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Anarchism Today [Hardcover]

John Clark , Randall Amster

Price: £42.00 & FREE Delivery in the UK. Details
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Book Description

9 Mar 2012
In Anarchism Today, an acclaimed scholar and one of the world's foremost advocates for the anarchistic tradition cuts through common misconceptions and caricatures to explore what is perhaps the most poorly understood of all political theories. As author Randall Amster explains, rather than being an anti-everything rationale for defiance and destruction, anarchism is in fact a coherent set of values and practices with a rich history and contemporary relevance. Passionate and provocative, Amster's book offers readers an expert's perspective on what anarchism really means, including its relationship to other political approaches, its careful balancing of individual liberty and a functioning society, and its controversial image as a wellspring of violence. Along the way, Amster addresses a number of current issues from the perspective of anarchism, including corporate globalization, environmentalism, warfare, nationalism, education, technology, alternative economics, criminal justice, and even spirituality. He concludes with a frank assessment of anarchisM's impact and the role it can play in building a more just, peaceful, and sustainable world.

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"A professor and respected philosopher in his own right, Amster's approach to anarchism is a refreshing break from scholars who've historically dismissed the movement as a kind of "anti-everything" ideology. Anarchism Today is a much-needed contemporary read... From self-described anarchists and amateur sociologists to political scholars and concerned citizens, Amster's book is sure to broaden the conversation about an important theory that continues to shape the current social and political landscape. " - Philadelphia City Paper

About the Author

Randall Amster, JD, PhD, is graduate chair of humanities at Prescott College, AZ. He is executive director of the Peace & Justice Studies Association, and serves as contributing editor for the blog New. Clear. Vision. (www.newclearvision.com). Among his recent books are Lost in Space: The Criminalization, Globalization, and Urban Ecology of Homelessness and the coedited volume Building Cultures of Peace: Transdisciplinary Voices of Hope and Action.

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Amazon.com: 4.0 out of 5 stars  1 review
4.0 out of 5 stars A very good introduction to anarchist ideas 15 Jun 2014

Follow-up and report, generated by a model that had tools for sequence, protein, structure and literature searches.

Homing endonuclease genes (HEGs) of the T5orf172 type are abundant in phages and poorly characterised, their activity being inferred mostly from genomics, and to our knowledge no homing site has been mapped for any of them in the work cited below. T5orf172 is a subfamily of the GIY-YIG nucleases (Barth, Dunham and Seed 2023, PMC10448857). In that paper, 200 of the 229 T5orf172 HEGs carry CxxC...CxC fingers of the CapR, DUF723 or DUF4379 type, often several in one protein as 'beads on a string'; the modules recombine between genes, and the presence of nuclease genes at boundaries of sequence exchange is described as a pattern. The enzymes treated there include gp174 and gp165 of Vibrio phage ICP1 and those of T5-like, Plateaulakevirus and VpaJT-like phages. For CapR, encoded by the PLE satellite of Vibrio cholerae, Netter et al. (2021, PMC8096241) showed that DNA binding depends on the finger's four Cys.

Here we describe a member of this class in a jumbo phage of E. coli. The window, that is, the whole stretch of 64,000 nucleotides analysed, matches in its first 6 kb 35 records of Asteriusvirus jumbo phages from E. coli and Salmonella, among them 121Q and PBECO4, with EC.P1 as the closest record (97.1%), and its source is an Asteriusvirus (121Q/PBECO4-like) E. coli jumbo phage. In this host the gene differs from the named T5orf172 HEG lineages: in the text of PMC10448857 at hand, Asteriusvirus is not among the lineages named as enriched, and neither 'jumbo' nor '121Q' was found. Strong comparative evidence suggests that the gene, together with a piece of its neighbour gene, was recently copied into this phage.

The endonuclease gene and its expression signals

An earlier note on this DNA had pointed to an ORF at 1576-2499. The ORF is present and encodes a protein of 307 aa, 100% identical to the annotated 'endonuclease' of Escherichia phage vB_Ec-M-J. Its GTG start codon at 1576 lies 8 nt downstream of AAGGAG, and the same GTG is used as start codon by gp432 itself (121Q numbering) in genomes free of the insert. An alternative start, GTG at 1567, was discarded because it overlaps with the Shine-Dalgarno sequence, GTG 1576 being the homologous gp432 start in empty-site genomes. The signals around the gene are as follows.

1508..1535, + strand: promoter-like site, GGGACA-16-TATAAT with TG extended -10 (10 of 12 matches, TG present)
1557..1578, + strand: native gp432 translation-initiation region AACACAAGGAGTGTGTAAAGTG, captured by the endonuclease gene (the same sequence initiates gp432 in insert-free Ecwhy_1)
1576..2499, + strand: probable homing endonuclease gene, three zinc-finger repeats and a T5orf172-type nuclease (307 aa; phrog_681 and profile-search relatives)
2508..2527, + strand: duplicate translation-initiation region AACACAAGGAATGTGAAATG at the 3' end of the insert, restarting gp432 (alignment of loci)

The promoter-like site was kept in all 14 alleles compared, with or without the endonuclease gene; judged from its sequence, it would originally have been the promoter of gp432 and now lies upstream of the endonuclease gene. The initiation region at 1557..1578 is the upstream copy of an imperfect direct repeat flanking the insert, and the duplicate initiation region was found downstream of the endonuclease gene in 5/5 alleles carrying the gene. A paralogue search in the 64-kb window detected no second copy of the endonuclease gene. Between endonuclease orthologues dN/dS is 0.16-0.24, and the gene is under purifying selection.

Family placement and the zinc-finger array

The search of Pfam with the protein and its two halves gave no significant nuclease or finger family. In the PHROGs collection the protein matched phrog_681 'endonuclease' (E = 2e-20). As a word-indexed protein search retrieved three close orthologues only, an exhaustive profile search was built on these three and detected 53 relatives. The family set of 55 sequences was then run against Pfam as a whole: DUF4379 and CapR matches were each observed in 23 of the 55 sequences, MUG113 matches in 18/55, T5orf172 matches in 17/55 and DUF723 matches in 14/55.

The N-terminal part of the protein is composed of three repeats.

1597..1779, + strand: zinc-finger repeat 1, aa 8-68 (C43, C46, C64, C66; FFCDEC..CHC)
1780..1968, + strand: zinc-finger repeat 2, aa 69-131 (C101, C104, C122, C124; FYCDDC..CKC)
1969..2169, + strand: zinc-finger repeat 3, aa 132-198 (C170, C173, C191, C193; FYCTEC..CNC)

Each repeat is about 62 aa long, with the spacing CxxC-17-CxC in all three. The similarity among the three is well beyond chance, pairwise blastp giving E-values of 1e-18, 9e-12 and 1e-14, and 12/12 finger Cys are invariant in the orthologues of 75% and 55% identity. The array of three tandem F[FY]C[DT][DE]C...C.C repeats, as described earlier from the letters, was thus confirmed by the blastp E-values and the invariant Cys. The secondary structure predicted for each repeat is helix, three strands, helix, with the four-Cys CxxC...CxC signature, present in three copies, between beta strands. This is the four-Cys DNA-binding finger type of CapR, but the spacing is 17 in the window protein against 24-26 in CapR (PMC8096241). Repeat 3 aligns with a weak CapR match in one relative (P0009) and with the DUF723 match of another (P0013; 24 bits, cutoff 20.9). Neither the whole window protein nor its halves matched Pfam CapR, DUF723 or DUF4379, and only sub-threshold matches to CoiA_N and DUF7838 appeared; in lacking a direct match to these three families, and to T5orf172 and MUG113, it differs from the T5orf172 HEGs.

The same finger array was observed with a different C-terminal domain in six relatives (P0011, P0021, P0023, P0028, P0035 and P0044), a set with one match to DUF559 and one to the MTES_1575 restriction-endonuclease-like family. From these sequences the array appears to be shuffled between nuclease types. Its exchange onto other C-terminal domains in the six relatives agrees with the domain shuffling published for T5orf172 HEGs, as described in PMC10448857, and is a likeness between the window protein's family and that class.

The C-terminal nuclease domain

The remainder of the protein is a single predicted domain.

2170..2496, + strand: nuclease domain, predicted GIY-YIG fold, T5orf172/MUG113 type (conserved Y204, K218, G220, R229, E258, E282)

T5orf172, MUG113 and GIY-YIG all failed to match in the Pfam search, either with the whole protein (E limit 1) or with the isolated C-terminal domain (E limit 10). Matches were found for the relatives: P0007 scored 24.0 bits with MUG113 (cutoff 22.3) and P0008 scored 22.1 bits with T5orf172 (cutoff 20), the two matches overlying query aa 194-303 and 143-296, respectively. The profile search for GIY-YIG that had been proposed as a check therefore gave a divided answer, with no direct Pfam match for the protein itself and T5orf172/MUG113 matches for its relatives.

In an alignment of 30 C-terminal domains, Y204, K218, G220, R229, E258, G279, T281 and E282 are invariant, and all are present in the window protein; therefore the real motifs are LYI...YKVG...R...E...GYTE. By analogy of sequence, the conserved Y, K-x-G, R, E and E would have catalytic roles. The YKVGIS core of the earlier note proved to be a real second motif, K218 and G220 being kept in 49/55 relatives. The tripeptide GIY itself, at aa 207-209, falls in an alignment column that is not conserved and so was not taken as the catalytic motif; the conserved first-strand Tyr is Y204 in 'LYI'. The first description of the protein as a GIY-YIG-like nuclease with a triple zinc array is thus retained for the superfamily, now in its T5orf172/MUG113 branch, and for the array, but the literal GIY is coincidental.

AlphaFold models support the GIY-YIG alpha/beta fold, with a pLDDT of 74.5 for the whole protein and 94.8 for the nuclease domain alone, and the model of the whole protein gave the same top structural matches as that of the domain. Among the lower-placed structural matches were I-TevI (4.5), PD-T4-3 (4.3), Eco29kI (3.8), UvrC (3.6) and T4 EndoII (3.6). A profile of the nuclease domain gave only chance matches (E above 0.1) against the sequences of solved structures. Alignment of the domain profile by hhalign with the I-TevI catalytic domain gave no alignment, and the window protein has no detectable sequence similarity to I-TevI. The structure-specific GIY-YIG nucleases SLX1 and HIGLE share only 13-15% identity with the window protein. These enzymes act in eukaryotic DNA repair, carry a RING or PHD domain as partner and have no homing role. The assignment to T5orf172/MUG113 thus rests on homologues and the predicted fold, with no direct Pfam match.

By Martin Firestein - Published on Amazon.com
Format:Hardcover
In my original review, I gave this book 5 stars. After further consideration, I have to change my rating and reduce it to 4. I still maintain this book does an excellent job at describing anarchist principles.

According to the author, anarchism can be defined as "a harmony obtained in society through voluntary associations which replace or take over the functions of the state". As a result, anarchists:
- are anti authoritarian
- are naturalists (they believe humans are intertwined with the larger environment)
- are egalitarian
- are anti capitalist
- believe people should have the freedom to act in both self governance and in local/regional actions to combat the policies of the state
- believe in the necessity of solidarity and equal treatment for all people

After reading Peter Kropotkin's writings, however, I have come to realize that there is an inherent contradiction within anarchist thought. According to Kropotkin, solidarity is the foundation for the establishment of society, as it makes mutual aid possible, and allows us to treat others as we would want to be treated. BUT at the same time, anarchists would eliminate any kind of punishment for people who perpetrate crimes. Indeed, in his book, Randall Amster believes that in an anarchist society people should have the freedom to act and choose their own constraints. I'm no huge fan of Ayn Rand, but I think something she said (paraphrasing: "an organism that struggles against its own needs can't survive") is oddly appropriate here. How can a society function if people can't be punished for the injuries (or deaths) they inflict upon others? And how does this foster a sense of solidarity or mutual aid? It just doesn't make sense, and unfortunately, Mr. Amster's book doesn't address this point.
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